Highly recommended for both experienced and aspiring authors and for avid readers who want to learn the back stories of the...

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SCRATCH

WRITERS, MONEY, AND THE ART OF MAKING A LIVING

The founder of the online journal Scratch, loaded with information about how authors labor to earn a livelihood, collects essays and interviews that appeared online and supplements those with original offerings.

In this well-organized, fascinating anthology, a host of fiction and nonfiction authors share practical tips and emotional intelligence. Among the best-known authors included are Susan Orlean, Cheryl Strayed, Jonathan Franzen, Roxane Gay, Jennifer Weiner, Richard Rodriguez, and Nick Hornby, all of whose contributions are worthy. Yet many of the most compelling essays come from lesser-known writers, some of whom have yet to publish a book. One such standout is Sarah Smarsh, a former grant writer and current magazine writer who splits her time between her native Kansas and her new home in Texas and whose first book will be published in 2017. Smarsh specializes in writing about poverty, especially the poverty of relatively uneducated whites; in her essay, she reflects on making the jump from her family's poverty to higher education and, eventually, a promising writing career. In “The Best Work in Literature,” anthology editor Martin, the managing editor of Zoetrope: All Story, grapples with similar issues, sharing anecdotes about trying to pay the rent and eat properly in an economy that pays poorly for published writing. Each contributor deals directly or indirectly with the often unhappy intersection of commerce and art in the contemporary American economy. For every commercial success story—e.g., Strayed, Weiner, Franzen, or Alexander Chee—there are countless failures. At times, what can best be termed as "luck" arrives, as in the essay by Nina MacLaughlin, who explains how a piece she reluctantly agreed to write for no pay led to a book contract.

Highly recommended for both experienced and aspiring authors and for avid readers who want to learn the back stories of the contributors.

Pub Date: Jan. 3, 2017

ISBN: 978-1-5011-3457-9

Page Count: 304

Publisher: Simon & Schuster

Review Posted Online: Sept. 8, 2016

Kirkus Reviews Issue: Sept. 15, 2016

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The author's youthfulness helps to assure the inevitable comparison with the Anne Frank diary although over and above the...

NIGHT

Elie Wiesel spent his early years in a small Transylvanian town as one of four children. 

He was the only one of the family to survive what Francois Maurois, in his introduction, calls the "human holocaust" of the persecution of the Jews, which began with the restrictions, the singularization of the yellow star, the enclosure within the ghetto, and went on to the mass deportations to the ovens of Auschwitz and Buchenwald. There are unforgettable and horrifying scenes here in this spare and sombre memoir of this experience of the hanging of a child, of his first farewell with his father who leaves him an inheritance of a knife and a spoon, and of his last goodbye at Buchenwald his father's corpse is already cold let alone the long months of survival under unconscionable conditions.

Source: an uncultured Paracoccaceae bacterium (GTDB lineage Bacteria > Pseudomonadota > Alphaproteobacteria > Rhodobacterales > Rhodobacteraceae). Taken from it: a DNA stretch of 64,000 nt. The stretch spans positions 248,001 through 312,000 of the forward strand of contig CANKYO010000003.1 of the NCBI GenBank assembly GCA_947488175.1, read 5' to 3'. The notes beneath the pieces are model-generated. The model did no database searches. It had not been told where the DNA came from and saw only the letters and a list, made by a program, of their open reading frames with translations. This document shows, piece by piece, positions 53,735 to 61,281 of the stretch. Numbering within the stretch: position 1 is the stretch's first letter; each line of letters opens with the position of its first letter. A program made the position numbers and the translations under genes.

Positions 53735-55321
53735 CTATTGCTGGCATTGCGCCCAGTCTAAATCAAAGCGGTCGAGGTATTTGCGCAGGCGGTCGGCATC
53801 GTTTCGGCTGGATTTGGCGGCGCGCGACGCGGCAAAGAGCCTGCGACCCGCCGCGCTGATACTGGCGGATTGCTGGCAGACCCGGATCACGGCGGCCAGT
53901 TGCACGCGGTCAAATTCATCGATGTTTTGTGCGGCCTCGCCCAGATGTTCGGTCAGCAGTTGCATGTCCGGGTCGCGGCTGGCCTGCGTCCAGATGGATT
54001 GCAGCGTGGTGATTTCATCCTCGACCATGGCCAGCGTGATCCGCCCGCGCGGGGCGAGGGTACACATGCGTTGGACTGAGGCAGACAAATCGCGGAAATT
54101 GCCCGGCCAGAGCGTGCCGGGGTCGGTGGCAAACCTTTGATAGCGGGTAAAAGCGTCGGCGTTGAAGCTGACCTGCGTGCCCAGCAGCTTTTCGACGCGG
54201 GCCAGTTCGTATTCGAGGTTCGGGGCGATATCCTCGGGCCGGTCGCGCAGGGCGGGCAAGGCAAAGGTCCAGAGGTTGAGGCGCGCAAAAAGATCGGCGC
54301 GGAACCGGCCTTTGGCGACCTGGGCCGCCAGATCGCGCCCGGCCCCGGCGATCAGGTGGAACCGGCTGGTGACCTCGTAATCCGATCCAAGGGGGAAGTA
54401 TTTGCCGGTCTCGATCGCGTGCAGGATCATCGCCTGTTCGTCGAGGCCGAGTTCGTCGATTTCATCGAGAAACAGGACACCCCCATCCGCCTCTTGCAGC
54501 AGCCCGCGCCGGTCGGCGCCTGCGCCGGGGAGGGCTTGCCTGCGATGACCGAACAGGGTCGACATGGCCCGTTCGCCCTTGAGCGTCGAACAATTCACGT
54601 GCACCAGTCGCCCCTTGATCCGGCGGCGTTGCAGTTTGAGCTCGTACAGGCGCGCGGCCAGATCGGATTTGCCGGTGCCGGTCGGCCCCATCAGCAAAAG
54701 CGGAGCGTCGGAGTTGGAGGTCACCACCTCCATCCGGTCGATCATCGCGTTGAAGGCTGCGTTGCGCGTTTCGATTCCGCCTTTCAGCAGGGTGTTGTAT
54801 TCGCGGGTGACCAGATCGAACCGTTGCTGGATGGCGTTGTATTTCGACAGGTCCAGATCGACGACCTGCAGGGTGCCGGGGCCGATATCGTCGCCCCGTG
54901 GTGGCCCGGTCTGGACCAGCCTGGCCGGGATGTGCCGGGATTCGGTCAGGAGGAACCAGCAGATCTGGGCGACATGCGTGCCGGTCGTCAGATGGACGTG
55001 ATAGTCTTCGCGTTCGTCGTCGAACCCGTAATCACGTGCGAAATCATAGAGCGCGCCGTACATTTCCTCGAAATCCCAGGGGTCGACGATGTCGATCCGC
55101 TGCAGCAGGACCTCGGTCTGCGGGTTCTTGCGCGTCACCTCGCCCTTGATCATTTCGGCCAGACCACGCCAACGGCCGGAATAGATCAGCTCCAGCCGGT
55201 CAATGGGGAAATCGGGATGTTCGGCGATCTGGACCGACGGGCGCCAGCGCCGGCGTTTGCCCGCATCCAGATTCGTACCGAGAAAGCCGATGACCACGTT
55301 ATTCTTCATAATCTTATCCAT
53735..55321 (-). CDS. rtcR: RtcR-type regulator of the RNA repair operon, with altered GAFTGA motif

The author's youthfulness helps to assure the inevitable comparison with the Anne Frank diary although over and above the sphere of suffering shared, and in this case extended to the death march itself, there is no spiritual or emotional legacy here to offset any reader reluctance.

Pub Date: Jan. 16, 2006

ISBN: 0374500010

Page Count: 120

Publisher: Hill & Wang

Review Posted Online: Oct. 7, 2011

Kirkus Reviews Issue: Jan. 15, 2006

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If the authors are serious, this is a silly, distasteful book. If they are not, it’s a brilliant satire.

THE 48 LAWS OF POWER

The authors have created a sort of anti-Book of Virtues in this encyclopedic compendium of the ways and means of power.

Everyone wants power and everyone is in a constant duplicitous game to gain more power at the expense of others, according to Greene, a screenwriter and former editor at Esquire (Elffers, a book packager, designed the volume, with its attractive marginalia). We live today as courtiers once did in royal courts: we must appear civil while attempting to crush all those around us. This power game can be played well or poorly, and in these 48 laws culled from the history and wisdom of the world’s greatest power players are the rules that must be followed to win. These laws boil down to being as ruthless, selfish, manipulative, and deceitful as possible. Each law, however, gets its own chapter: “Conceal Your Intentions,” “Always Say Less Than Necessary,” “Pose as a Friend, Work as a Spy,” and so on. Each chapter is conveniently broken down into sections on what happened to those who transgressed or observed the particular law, the key elements in this law, and ways to defensively reverse this law when it’s used against you. Quotations in the margins amplify the lesson being taught. While compelling in the way an auto accident might be, the book is simply nonsense. Rules often contradict each other. We are told, for instance, to “be conspicuous at all cost,” then told to “behave like others.” More seriously, Greene never really defines “power,” and he merely asserts, rather than offers evidence for, the Hobbesian world of all against all in which he insists we live. The world may be like this at times, but often it isn’t. To ask why this is so would be a far more useful project.

If the authors are serious, this is a silly, distasteful book. If they are not, it’s a brilliant satire.

Pub Date: Sept. 1, 1998

ISBN: 0-670-88146-5

Page Count: 430

Publisher: Viking

Review Posted Online: May 20, 2010

Kirkus Reviews Issue: July 15, 1998

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